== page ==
Content » Vol 97, Issue 7

Short communication

Heterozygous PDGFRB Mutation in a Three-generation Family with Autosomal Dominant Infantile Myofibromatosis

Clémence Lepelletier1,2, Yasser Al-Sarraj3, Christine Bodemer1,2, Hibbah Shaath3, Sylvie Fraitag2,4, Marios Kambouris3,5,6, Dominique Hamel-Teillac1, Hatem El-Shanti3,7,8 and Smail Hadj-Rabia1,2

Departments of 1Dermatology and 4Pathology, Hôpital Universitaire Necker-Enfants Malades, 149 rue de Sèvres, FR-75015 Paris, 2Reference Center for Genodermatoses and Rare Skin Diseases (MAGEC), INSERM U1163, Université Paris Descartes – Sorbonne Paris Cité, Institut Imagine, Hôpital Universitaire Necker-Enfants Malades, Paris, France, 3Qatar Biomedical Research Institute, Medical Genetics Center, 5Pathology – Genetics, Sidra Medical and Research Center, Doha, Qatar, 6Yale University School of Medicine, Genetics, New Haven CT, 7University of Iowa, Carver College of Medicine, Iowa City, IA, USA, and 8University of Jordan, School of Medicine, Amman, Jordan.

Accepted Apr 6, 2017; Epub ahead of print Apr 17, 2017


Infantile myofibromatosis (IM; MIM#228550) is a rare disorder of myofibroblastic proliferation and is one of the most common causes of benign fibrous tumour of infancy (1). IM is categorized into solitary, multicentric and generalized forms, with solitary IM being the most common. While solitary IM is characterized by the presence of a single cutaneous nodule, multicentric IM involves the skin, subcutaneous tissues, muscles and bones. Both forms of IM regress spontaneously during childhood. Generalized IM is characterized by visceral involvement, and may have a poor outcome. Although IM is mainly sporadic, 30 families suggestive of autosomal dominant (AD) or autosomal recessive (AR) inheritance have been reported. Recently, heterozygous mutations in PDGFRB and NOTCH3 have been reported in 13 families with AD IM (2, 3). We report here, a 3-generation family with multicentric AD IM and a novel PDGFRB mutation (c.1679C>T; p.P560L).


A male patient (III-2) was referred at birth due to the presence of 4 firm, flesh-coloured subcutaneous nodules; 2 on the scalp, 1 on the left shoulder and 1 on the back (Fig. 1a–c). Histopathology of the dorsal nodule biopsy was consistent with a diagnosis of IM (Fig. 1d, e). Systemic monitoring showed multiple skeletal involvement and a 3-cm nodule of the left psoas muscle, partially infiltrating the spinal canal. No visceral lesions were found. Spontaneous, complete and uncomplicated regression occurred during the first 2 years of life.

Fig. 1. Familial autosomal dominant infantile myofibromatosis (IM): pedigree, clinical and histopathological pictures. (a) Pedigree shows autosomal dominant inheritance. At birth, patient III-2 presented with: (b) 2 firm, flesh-coloured nodules on the back; and (c) 2 firm nodules on the scalp with necrotic evolution. Histopathological analyses of a removed dorsal nodule (patient III-2) showed a lesion located in the dermis and upper subcutis composed of both a spindle-shaped cell proliferation and a vascular proliferation. This angiomatous area, mostly seen at the periphery, is composed of more-or-less dilated capillaries arranged in a haemangiopericytoma-like pattern. The deep dermis is more cellular, less vascular and contains fibrosis. It is likely to be a regressing infantile myofibromatosis lesion (d: haematoxylin and eosin (HE) ×25). The periphery is composed of small myofibroblast fascicles arranged as rounded and hyalinized nodules. Beneath the periphery there are vascular channels, some exhibiting staghorn shapes. Between these the cells are poorly differentiated, polygonal or spindled (e: HE×50).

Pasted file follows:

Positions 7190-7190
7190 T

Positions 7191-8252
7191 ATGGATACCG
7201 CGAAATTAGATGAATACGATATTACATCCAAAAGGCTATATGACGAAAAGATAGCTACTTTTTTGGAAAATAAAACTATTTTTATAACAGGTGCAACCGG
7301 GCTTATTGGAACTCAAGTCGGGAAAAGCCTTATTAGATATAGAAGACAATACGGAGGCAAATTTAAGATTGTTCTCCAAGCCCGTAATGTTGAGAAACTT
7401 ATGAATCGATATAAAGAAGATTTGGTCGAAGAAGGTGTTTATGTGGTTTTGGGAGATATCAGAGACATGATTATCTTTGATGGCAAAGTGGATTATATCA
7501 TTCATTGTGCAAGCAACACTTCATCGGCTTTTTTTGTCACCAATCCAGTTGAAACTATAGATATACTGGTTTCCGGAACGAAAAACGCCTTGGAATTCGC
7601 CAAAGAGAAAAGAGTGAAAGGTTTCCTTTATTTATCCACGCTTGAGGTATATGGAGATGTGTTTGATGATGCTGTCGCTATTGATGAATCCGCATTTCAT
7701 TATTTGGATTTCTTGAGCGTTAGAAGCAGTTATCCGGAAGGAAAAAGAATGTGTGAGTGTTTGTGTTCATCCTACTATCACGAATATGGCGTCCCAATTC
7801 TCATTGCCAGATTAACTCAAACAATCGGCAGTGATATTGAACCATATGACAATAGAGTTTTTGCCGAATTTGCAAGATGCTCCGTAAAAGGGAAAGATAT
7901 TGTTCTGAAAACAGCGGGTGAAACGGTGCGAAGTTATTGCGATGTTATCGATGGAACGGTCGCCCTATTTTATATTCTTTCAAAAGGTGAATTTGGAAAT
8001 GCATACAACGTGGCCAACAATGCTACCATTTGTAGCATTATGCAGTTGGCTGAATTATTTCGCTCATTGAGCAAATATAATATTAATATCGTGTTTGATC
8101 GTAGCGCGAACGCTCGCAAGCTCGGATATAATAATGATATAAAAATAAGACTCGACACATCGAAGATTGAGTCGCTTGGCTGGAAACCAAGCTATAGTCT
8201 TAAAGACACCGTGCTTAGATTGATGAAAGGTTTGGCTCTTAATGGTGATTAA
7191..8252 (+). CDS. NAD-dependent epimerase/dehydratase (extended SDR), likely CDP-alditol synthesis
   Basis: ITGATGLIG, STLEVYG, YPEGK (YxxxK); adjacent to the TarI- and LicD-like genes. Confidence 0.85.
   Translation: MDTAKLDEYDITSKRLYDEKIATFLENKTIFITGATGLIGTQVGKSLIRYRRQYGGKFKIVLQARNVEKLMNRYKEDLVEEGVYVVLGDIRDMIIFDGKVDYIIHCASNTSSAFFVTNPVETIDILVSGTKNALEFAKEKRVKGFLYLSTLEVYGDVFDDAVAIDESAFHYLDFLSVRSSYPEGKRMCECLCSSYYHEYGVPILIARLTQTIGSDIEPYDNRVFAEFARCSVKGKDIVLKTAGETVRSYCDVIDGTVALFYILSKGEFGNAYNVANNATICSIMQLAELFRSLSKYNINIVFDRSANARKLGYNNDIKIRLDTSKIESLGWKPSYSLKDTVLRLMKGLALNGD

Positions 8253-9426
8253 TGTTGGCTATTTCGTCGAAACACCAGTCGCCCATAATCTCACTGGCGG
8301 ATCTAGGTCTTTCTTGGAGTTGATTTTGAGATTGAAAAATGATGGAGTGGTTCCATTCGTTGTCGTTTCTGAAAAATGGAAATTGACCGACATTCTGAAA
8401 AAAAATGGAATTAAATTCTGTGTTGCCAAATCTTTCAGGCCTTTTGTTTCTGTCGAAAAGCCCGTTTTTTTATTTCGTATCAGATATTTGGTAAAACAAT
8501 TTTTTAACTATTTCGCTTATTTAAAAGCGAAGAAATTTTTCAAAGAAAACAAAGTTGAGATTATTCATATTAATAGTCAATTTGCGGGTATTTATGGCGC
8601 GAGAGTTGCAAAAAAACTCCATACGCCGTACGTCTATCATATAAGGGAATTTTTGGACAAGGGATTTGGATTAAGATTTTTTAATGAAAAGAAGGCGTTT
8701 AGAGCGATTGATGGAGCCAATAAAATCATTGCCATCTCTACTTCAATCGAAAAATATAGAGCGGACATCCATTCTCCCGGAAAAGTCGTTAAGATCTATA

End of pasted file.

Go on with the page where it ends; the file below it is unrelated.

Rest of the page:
The patient belongs to a French family of Spanish origin. Six of his relatives presented with AD multicentric IM (Fig. 1a, Table SI). Of note, individual III-3 had a solitary IM subcutaneous nodule 5 years after complete regression of the neonatal lesions. None of the affected relatives presented with skeletal overgrowth, neurological deterioration or dysmorphic features. After obtaining informed consent, DNA extracted from blood leucocytes was analysed by whole exome sequencing for each patient and relative. Re-sequencing of PDGFRB identified a heterozygous missense mutation in exon 12 (c.1679C>T;p.P560L), which segregates with the disease in the family, and identified individual I-1 as the founder despite no history of IM. Variants in NOTCH3 and PTPRG were excluded by whole-exome sequencing.